Monday, September 29, 2008

The Best Effin' One Pot Pasta

Just make it. Trust me.

Creamy One-Pot Pasta
Adapted from Pampered Chef recipe

3 cloves garlic, thinly sliced
1 Tablespoon canola oil
5 cups vegetable broth
1 lb. penne pasta, uncooked
1 pint cherry tomatoes, halved
2 cups broccoli florets
2 carrots, peeled and thinly sliced
4 oz. reduced fat cream cheese, cut into cubes
Dash of salt
Few cracks of pepper
Grated parmesean cheese

In large pot, heat oil and cook garlic 2 mins. Add broth and bring to a boil. Add pasta, lower heat, cover and simmer 10 mins until pasta is almost done. Add veggies, cream cheese, salt and pepper, stirring until cheese is melted. With heat on medium, cook a few more mins until veggies are tender. Top with parmesean and serve.

Saturday, September 27, 2008

Homemade Hot Chocolate Mix

We go through a lot of hot chocolate mix in our house, Swiss Miss being the preferred brand. In the winter months, about once a week K will make a dinner out of peanut butter toast and hot chocolate, dunking the toast in the chocolate before each and every bite.

When it's pb toast night, I eat mine with milky black tea (no dunking), but I still like a cup 'o cocoa now and then. But have you read the Swiss Miss label? Basically, it's chocolate-flavored corn syrup. I want the real deal, or at least something not involving laboratory food creations.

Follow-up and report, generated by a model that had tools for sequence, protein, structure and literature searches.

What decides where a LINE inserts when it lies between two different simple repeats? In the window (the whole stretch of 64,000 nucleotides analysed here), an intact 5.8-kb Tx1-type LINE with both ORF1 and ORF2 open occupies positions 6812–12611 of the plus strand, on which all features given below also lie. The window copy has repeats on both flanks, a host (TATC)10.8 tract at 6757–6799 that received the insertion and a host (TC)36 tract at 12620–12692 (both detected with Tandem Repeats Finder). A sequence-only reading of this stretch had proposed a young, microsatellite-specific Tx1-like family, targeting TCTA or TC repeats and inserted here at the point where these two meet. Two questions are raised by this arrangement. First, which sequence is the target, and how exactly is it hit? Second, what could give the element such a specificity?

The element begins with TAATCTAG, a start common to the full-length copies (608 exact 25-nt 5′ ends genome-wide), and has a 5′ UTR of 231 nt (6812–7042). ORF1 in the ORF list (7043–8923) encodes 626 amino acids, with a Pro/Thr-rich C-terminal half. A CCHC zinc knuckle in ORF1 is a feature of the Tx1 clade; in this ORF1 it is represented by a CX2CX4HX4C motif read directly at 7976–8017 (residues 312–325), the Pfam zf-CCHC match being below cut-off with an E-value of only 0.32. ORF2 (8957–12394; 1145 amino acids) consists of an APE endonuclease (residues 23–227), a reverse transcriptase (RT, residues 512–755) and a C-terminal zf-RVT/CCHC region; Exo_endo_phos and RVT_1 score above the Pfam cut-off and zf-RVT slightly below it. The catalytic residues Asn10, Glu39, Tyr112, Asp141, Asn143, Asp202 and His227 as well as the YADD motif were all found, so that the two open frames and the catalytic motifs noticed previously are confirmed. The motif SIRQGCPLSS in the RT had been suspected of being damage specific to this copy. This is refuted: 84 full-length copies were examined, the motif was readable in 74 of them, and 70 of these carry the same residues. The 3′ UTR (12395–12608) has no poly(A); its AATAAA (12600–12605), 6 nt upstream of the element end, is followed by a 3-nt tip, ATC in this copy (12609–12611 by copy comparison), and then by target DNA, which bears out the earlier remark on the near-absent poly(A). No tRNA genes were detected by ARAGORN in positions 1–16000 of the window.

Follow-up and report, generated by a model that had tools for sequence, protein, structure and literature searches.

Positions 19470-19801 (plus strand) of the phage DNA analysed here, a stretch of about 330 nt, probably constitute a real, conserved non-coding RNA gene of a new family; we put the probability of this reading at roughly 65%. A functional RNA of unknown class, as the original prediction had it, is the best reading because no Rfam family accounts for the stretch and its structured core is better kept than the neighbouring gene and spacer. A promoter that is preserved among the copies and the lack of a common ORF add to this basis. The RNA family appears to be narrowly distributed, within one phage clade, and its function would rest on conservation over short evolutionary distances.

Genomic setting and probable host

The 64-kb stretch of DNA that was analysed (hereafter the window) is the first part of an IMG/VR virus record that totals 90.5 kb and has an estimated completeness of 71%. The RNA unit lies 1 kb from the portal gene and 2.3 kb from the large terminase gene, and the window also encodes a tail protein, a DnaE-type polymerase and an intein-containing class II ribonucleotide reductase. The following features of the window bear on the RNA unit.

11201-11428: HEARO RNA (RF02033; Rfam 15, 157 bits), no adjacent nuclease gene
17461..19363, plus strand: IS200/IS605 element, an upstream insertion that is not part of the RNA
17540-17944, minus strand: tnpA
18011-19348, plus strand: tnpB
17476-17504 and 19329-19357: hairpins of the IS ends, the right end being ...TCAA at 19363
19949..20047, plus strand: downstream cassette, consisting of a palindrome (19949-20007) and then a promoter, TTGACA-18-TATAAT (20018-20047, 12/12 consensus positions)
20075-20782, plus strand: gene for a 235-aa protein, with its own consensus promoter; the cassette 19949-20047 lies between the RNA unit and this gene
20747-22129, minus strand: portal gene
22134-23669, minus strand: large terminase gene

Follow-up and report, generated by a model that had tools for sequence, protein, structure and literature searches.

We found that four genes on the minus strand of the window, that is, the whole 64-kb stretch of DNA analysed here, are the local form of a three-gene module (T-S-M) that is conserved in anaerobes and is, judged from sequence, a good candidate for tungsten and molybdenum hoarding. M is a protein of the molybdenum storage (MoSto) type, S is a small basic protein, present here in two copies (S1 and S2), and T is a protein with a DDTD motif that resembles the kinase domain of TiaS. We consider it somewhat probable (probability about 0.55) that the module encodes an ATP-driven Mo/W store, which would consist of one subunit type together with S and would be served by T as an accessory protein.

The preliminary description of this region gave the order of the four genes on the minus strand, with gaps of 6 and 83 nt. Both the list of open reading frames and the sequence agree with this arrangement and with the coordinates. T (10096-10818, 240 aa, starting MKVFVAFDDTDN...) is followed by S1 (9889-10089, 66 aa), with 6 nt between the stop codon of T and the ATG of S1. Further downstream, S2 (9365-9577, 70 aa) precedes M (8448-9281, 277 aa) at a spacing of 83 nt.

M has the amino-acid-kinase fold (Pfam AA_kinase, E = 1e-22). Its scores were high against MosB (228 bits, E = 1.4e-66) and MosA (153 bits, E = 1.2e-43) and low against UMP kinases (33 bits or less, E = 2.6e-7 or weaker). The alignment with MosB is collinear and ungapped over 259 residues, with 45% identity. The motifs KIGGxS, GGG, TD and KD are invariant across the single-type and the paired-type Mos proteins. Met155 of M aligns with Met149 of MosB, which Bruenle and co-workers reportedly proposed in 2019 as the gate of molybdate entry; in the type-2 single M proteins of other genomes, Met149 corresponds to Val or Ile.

So I started experimenting with hot chocolate mixes. I tried the one on the side of the Hershey's cocoa powder can...not so good, too chalky and too much stuff stuck on the bottom. I thought about my mom's hot chocolate mix recipe, but knowing it uses a ton of non-dairy creamer, it wasn't an option. I checked, Martha Stewart, random holiday blogs, but nearly everything used non-dairy creamer, ugh.

Then I landed on Food Network. Alton Brown to the rescue! His hot cocoa mix recipe is actually hidden within a video clip. His videos are, um, kooky, but his food principles are solid, so I wrote down the recipe and tried it out.

Ding ding ding! We have a winner!

Alton Brown's Hot Chocolate Mix

1 and 1/4 cups powdered milk
1 cup powdered sugar
1/2 cup cocoa powder
1 teaspoon cornstarch
1/2 teaspoon salt
The teeniest, tiniest pinch of cayenne pepper

Add all ingredients to a clean, dry container with lid (like a large glass canning jar) and shake it up, baby.

Fill your favorite mug 1/3 full of mixture. Add enough boiling water to fill cup halfway, then use a whisk to mix into a slurry (be sure you catch all the mix off the sides of the mug, too). Top off the mug with additional boiling water to fill, mix once more and enjoy.

Peanut butter toast optional.

Wednesday, September 24, 2008


The rest of the world calls 'em Special K bars, but we make this with Rice Krispies and call it a scotcheroo. These bars are so ubiquitous around here, I can only assume everyone sees these at their local potluck dinners, but just in case I'm wrong (and I've been wrong many times), here is the recipe. This is something my mom always makes, and now I do too. Yeah yeah, turning into Mom, but if you've met my mom, you'd know it isn't a bad thing.


6 cups Rice Krispies
1 cup light corn syrup
1 cup sugar
1 teaspoon vanilla
1 cup peanut butter
1 cup chocolate chips
1 cup butterscotch chips

Put cereal in large bowl. Mix syrup and sugar in a saucepan and cook until it starts to boil. Remove from heat, mix in peanut butter and vanilla. Pour mixture over cereal and mix well. Press into 9x13" greased pan, cool. Melt chips together and spread over bars. Cool.